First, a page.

A nationwide study released Friday by researchers at UCLA has found that health inequities can be measured in children as young as 5 years old, with 30% of children in the lowest-income neighborhoods vulnerable in one more areas of health development compared with 17% of children in higher-income settings.
An assessment administered to more than 183,000 kindergarten students in 98 school districts from 2010 to 2017 found that income-related differences in developmental vulnerability varied substantially among children from different ethnic and racial groups, with Black children at the highest risk followed by Latino children, and Asian children at the lowest risk, according to researchers, whose study was published in Health Affairs.
Researchers said they found that the differences in developmental vulnerability between Black children and white children were most pronounced at the higher socioeconomic levels, tending to narrow for Black and white children from lower-income neighborhoods. Such early disparities can have a profound influence on the long-term development of children, leading to higher rates of chronic conditions such as diabetes, heart disease, drug use, mental health disorders and dementia as adults, according to researchers.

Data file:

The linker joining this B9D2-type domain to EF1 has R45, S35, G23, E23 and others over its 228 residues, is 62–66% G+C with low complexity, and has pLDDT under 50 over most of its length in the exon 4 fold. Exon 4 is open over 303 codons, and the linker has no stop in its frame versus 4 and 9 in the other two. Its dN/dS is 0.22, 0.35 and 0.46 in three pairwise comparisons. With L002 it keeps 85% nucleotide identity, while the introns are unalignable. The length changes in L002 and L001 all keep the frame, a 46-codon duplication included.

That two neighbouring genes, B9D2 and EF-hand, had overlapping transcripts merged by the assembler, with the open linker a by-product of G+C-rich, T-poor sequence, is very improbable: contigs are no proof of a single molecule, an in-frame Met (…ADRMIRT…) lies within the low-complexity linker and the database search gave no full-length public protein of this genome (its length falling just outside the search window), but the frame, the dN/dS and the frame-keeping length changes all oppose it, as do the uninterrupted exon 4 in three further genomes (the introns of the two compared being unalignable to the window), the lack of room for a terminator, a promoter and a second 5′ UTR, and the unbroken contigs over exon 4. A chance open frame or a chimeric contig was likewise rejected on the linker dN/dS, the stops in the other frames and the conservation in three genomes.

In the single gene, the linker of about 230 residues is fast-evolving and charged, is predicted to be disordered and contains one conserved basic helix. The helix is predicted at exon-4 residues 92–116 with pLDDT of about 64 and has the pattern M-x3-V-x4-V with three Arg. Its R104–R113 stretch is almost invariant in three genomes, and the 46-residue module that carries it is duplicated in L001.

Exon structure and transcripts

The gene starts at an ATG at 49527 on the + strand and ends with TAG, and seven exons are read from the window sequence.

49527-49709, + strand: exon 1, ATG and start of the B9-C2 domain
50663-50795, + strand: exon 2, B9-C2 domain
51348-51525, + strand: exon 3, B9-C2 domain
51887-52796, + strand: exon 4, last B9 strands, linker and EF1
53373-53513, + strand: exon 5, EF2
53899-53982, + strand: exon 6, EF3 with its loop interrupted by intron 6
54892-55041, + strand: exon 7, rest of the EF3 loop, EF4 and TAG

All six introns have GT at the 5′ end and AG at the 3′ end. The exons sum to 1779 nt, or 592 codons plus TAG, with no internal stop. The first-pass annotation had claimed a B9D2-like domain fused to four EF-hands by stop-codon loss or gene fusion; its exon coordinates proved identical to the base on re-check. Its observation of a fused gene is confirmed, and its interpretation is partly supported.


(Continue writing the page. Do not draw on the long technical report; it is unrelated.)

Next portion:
“Our findings underscore the pronounced racialized disparities for young children,” said the study's lead author, Dr. Neal Halfon, director of the Center for Healthier Children, Families and Communities at UCLA. “Many other studies have highlighted patterns of income and racial inequality in health and educational outcomes. What this study shows is that these patterns of inequality are clearly evident and measurable before kids start school.”
Researchers -- who trained kindergarten teachers across the U.S. to administer the Early Development Instrument (EDI) to measure children's physical, social, emotional and language development -- said the study underscores the value of understanding child-developmental inequities at the most “micro” levels.
The findings will help cities and local grassroots efforts to develop targeted support and services to address “racialized disparities,” said the study's co-author, Lisa Stanley, who is the project director for Transforming Early Childhood Community Systems at the UCLA Center for Healthier Children, Families, and Communities.
The study's authors also included Efren Aguilar, geographic information systems lead at the Center for Healthier Children, Families, and Communities at UCLA; Emily Hotez, project scientist at the Center for Healthier Children, Families, and Communities at UCLA; Eryn Block, Maternal and Child Health research fellow in the Department of Health Policy and Management at the Fielding School of Public Health at UCLA; and Magdalena Janus, professor of Psychiatry and Behavioral Neurosciences at McMaster University.